Step Descriptions And Comments In M Code In Power BI Desktop

The June release of Power BI Desktop has what seems to be a fairly unremarkable new feature in that it allows you to add descriptions to each step in a query in the Query Editor window. However the implementation turns out to be a lot more interesting than you might expect: the step descriptions become comments in the M code, and even better if you write M code in the Advanced Editor window your comments appear as descriptions in the Applied Steps pane.

Take the following M query, entered in the Advanced Editor, as an example:

let
    Step1 = 5,
    Step2 = 10,
    Step3 = Step1 * Step2
in
    Step3

There are three variables declared in the let expression which appear as three steps in the Applied Steps pane. The first two steps declare integers and the third multiplies these two integers together, returning 50.

If you right-click on the first step and select Properties, then you can enter a description for the step in the Properties pane that appears:

image

image

After you click OK, the description is visible as a tooltip when you mouse-over the step:

image

If you then open the Advanced Editor window you’ll see the M code for the query has now been changed to include a comment (NB comments in M code start with //):

let
    // Declare the first number
    Step1 = 5,
    Step2 = 10,
    Step3 = Step1 * Step2
in
    Step3

image

If you then edit the M code in the Advanced Editor window to add a comment in the line before a step, like so:

let
    // Declare the first number
    Step1 = 5,
    Step2 = 10,
    // Multiple the two numbers together
    Step3 = Step1 * Step2
in
    Step3

…then this will also show up as a description when you mouse-over the step in the Applied Steps pane:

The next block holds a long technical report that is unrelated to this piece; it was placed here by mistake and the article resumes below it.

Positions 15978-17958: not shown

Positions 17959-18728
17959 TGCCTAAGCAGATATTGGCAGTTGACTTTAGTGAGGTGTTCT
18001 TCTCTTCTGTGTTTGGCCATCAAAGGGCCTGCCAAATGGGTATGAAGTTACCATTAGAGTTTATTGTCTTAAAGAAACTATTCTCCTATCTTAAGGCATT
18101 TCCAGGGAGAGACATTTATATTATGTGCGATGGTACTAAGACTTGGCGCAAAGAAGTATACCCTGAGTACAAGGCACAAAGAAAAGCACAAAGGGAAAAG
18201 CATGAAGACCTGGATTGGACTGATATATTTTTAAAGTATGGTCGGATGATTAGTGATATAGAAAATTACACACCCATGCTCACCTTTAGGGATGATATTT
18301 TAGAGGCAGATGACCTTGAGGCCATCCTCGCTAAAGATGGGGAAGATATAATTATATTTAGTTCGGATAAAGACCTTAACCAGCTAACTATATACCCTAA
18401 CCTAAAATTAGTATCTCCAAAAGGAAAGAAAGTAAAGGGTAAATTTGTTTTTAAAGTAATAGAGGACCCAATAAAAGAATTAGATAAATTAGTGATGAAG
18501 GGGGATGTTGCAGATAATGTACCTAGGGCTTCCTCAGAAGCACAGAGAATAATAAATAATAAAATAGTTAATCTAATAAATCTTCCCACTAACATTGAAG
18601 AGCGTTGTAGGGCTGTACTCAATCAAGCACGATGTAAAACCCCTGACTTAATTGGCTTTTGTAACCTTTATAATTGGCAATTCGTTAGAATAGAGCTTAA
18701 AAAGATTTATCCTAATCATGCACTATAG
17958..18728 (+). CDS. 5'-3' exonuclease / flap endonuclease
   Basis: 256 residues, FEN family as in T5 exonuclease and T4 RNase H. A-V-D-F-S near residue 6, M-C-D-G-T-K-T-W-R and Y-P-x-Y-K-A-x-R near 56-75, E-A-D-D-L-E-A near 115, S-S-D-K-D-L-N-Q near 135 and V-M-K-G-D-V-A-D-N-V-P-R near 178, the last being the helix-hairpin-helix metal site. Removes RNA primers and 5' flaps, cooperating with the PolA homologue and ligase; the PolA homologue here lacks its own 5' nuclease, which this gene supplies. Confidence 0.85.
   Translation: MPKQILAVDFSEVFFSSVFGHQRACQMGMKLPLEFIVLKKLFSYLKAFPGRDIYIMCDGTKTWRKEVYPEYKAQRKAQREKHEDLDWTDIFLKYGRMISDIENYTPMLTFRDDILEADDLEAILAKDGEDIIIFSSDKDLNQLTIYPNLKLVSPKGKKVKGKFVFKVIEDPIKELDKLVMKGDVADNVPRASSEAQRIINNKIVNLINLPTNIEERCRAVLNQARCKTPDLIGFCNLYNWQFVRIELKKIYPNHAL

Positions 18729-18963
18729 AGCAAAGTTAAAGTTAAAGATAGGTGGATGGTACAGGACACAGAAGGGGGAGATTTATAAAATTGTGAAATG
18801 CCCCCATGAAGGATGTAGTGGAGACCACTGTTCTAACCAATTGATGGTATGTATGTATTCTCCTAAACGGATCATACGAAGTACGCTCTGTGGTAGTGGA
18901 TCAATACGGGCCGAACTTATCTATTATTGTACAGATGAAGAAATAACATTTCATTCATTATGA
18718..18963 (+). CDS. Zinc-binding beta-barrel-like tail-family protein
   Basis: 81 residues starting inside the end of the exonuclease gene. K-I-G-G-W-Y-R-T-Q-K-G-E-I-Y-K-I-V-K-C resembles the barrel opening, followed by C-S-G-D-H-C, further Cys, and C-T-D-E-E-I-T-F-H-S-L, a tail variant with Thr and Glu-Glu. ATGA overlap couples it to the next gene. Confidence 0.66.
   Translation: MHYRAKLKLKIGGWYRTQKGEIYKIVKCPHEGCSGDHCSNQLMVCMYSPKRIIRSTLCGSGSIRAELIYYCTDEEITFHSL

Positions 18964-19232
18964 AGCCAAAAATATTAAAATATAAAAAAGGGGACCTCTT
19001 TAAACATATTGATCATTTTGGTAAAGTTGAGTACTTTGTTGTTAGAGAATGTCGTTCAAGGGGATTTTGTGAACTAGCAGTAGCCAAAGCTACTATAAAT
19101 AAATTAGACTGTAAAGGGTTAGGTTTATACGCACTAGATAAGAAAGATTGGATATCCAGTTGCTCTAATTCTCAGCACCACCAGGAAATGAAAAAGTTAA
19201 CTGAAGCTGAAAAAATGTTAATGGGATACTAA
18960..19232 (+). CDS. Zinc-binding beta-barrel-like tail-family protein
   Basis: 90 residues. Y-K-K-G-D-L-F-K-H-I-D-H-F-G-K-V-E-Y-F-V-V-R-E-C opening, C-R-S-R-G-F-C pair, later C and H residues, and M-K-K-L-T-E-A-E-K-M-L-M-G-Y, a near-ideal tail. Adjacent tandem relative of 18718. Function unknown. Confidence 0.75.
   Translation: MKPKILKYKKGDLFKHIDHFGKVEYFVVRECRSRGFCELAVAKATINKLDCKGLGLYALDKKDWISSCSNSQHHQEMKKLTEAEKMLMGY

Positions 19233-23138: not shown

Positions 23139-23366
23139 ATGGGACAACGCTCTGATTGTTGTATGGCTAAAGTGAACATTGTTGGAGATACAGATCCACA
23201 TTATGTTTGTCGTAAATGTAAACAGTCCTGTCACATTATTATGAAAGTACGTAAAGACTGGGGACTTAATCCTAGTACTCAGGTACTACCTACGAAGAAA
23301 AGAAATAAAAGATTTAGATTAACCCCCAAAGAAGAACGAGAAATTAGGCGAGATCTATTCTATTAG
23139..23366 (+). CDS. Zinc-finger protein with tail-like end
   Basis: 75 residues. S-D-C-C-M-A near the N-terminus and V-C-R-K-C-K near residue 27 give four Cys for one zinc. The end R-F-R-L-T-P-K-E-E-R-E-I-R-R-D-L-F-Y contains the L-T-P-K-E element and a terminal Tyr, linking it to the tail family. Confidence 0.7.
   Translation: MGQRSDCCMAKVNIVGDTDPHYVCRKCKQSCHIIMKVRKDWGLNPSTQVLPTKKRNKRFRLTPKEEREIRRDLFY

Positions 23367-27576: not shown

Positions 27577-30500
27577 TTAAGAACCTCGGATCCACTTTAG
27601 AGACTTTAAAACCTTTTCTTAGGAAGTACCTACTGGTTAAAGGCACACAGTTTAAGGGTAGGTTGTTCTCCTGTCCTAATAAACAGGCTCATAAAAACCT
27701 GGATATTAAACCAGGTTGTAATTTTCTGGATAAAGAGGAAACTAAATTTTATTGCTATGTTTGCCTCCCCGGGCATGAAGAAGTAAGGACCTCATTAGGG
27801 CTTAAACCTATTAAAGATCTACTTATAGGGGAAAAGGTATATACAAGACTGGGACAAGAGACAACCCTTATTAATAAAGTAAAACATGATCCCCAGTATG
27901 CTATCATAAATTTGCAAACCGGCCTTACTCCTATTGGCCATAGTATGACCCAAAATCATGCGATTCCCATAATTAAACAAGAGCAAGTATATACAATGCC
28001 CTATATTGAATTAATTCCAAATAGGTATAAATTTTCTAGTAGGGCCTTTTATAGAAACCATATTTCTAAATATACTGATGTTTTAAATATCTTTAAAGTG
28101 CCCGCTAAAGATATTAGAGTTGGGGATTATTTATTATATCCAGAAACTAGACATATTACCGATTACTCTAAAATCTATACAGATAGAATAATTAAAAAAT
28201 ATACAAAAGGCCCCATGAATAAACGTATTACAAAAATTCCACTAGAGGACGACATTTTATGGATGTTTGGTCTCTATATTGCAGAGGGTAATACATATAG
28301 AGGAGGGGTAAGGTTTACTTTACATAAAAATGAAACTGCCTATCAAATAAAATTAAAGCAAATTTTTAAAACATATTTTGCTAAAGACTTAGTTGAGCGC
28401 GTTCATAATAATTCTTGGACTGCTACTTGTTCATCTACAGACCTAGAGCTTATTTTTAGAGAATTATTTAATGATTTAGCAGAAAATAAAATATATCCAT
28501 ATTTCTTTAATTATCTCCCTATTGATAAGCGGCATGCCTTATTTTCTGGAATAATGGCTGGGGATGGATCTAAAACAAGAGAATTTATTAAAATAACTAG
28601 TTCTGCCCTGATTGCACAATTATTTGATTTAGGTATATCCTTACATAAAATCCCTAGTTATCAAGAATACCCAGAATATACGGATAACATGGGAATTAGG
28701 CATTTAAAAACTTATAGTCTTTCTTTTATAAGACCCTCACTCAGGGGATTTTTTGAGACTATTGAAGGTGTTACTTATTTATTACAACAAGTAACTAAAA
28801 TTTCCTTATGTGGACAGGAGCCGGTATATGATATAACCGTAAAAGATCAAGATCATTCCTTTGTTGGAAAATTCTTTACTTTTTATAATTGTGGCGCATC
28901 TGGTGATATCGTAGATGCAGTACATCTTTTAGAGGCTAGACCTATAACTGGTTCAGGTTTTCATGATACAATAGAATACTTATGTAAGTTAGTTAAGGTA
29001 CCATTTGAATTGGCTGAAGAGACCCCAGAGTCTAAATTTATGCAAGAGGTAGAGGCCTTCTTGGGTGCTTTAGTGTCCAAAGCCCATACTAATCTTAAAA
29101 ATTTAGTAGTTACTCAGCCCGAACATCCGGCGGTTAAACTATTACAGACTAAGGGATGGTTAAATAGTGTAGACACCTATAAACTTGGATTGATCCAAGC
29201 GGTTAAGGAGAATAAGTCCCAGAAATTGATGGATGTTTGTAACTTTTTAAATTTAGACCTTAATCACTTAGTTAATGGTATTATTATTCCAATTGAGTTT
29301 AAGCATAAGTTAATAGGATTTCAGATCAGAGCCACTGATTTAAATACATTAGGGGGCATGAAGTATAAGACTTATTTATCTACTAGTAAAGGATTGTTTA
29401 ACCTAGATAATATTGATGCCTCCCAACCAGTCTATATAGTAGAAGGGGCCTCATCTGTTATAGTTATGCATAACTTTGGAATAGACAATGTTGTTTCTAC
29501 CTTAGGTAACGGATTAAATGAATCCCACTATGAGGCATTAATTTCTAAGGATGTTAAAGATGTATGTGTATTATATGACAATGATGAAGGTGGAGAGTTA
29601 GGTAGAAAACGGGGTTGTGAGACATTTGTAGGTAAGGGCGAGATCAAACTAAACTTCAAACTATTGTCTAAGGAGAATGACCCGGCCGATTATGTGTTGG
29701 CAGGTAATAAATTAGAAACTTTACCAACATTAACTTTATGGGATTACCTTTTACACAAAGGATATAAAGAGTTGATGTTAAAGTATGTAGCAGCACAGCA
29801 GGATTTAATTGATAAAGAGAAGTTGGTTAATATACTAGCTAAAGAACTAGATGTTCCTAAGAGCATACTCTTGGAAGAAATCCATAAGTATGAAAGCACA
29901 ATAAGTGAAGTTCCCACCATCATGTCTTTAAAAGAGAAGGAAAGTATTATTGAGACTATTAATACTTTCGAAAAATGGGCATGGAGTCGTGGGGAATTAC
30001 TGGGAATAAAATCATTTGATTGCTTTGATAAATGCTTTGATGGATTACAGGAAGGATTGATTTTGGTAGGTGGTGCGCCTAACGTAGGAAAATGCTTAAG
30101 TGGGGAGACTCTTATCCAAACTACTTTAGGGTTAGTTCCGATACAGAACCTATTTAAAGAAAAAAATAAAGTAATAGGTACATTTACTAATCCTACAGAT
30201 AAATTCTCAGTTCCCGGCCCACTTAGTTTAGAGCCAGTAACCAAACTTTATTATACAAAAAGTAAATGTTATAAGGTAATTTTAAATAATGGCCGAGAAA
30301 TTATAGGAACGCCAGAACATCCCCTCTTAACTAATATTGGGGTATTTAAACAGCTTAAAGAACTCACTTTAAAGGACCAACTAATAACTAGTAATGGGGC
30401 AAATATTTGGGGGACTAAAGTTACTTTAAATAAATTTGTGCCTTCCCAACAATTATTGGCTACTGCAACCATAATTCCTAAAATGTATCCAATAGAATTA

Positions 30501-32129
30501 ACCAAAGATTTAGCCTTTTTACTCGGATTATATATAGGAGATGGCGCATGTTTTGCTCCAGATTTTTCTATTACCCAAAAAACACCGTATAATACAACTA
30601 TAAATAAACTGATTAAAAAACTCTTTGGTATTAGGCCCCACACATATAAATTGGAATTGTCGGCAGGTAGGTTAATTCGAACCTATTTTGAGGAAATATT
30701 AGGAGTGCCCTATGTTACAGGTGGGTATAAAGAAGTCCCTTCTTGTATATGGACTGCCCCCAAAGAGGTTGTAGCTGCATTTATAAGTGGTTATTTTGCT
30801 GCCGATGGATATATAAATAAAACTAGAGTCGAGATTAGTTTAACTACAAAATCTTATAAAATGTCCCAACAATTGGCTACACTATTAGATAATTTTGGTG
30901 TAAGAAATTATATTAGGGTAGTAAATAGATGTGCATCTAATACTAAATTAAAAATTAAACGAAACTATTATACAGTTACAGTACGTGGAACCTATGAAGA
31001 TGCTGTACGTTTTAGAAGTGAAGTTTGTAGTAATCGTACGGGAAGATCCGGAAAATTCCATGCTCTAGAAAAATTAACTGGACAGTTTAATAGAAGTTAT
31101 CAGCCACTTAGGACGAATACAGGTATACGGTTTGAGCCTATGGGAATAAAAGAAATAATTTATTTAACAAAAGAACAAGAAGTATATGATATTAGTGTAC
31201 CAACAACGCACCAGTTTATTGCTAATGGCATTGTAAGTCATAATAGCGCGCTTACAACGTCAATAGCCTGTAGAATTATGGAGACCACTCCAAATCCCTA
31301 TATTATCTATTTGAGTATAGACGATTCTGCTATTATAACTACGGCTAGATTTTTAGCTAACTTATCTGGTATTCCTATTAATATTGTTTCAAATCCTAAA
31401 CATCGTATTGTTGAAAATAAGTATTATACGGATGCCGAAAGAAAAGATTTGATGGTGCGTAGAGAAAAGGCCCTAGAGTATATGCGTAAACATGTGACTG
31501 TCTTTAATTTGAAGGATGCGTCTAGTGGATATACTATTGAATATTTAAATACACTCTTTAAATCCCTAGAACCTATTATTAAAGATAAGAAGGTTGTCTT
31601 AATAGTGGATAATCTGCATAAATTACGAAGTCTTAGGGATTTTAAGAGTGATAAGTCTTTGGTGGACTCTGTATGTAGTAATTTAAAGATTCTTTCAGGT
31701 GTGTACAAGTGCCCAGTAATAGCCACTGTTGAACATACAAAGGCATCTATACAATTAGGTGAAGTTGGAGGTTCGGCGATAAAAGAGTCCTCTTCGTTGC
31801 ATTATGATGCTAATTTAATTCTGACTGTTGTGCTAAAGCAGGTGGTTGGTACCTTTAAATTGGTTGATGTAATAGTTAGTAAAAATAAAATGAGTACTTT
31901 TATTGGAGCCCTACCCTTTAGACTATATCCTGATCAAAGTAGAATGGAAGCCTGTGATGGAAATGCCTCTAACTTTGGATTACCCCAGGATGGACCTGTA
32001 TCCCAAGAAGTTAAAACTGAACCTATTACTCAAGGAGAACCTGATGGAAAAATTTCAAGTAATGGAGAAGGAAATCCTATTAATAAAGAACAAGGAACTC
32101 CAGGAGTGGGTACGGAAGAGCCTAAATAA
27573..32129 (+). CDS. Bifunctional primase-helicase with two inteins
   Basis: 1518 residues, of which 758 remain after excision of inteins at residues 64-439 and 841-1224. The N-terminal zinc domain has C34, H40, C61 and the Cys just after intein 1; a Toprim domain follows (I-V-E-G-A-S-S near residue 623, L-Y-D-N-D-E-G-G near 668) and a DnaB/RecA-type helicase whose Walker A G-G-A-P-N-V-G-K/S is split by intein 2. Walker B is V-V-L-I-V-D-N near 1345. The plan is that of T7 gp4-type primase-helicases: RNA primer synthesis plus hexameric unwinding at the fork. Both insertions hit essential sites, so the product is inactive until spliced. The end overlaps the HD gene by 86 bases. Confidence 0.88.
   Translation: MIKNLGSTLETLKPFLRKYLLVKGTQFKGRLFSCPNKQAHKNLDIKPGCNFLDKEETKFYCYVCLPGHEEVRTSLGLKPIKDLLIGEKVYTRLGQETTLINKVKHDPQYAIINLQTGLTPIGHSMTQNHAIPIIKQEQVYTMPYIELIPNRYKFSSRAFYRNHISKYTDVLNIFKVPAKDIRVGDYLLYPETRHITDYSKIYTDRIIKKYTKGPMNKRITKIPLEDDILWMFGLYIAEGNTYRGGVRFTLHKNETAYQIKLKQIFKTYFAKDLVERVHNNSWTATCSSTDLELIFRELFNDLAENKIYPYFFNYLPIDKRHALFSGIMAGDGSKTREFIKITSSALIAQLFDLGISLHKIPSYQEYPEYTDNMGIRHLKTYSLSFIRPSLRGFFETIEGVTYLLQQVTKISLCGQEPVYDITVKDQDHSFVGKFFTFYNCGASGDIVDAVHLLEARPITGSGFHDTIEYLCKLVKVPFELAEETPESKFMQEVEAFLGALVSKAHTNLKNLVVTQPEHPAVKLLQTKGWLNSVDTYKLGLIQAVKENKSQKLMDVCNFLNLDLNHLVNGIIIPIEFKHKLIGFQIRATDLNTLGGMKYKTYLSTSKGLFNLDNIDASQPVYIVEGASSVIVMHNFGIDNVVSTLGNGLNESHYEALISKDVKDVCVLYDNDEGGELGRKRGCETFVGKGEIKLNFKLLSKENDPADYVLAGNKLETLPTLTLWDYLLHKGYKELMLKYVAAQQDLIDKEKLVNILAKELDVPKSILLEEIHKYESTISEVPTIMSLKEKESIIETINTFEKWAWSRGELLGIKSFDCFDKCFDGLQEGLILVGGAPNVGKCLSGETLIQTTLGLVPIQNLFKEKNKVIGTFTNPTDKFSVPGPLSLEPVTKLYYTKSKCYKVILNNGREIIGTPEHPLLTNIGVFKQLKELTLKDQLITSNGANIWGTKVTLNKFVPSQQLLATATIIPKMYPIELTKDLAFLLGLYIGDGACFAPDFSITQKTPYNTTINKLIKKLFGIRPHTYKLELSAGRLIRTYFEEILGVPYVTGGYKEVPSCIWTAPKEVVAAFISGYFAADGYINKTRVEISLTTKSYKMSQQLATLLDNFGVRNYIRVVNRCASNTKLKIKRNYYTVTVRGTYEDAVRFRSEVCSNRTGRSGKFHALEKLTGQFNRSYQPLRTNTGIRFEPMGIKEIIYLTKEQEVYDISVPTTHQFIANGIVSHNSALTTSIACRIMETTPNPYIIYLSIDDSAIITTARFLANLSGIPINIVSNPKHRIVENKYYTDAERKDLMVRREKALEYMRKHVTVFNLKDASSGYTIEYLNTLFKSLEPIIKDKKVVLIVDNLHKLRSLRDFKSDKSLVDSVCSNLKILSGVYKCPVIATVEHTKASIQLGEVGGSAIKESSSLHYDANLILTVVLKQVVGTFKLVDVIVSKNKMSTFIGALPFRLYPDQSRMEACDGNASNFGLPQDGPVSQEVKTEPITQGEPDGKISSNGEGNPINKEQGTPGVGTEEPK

image

As a result, for anyone like me who writes a lot of M code manually in the Advanced Editor window, this turns out to be a really handy feature.

8 thoughts on “Step Descriptions And Comments In M Code In Power BI Desktop

  1. This is great and pushes me even further towards using desktop in preference to Excel. We just need proper intellisense now and intuitive wizards so you’re not scratching around to find the function you need or translate the equivalent function in Excel. I don’t think either are too far away either.
    Got a two week holiday coming up so I’m going to immerse myself fully in this website and KP’s to catch up properly on all the valuable stuff you guys have been posting

  2. These continuous improvements are making an extremely useful and powerful tool even more user friendly. Great work !

  3. I’ll be the odd man out here and say that this is probably one of my least favorite features ever implemented. I favor coding practices that suggest minimizing comments in code, for good reasons. Comments are even less necessary in M than an imperative language.

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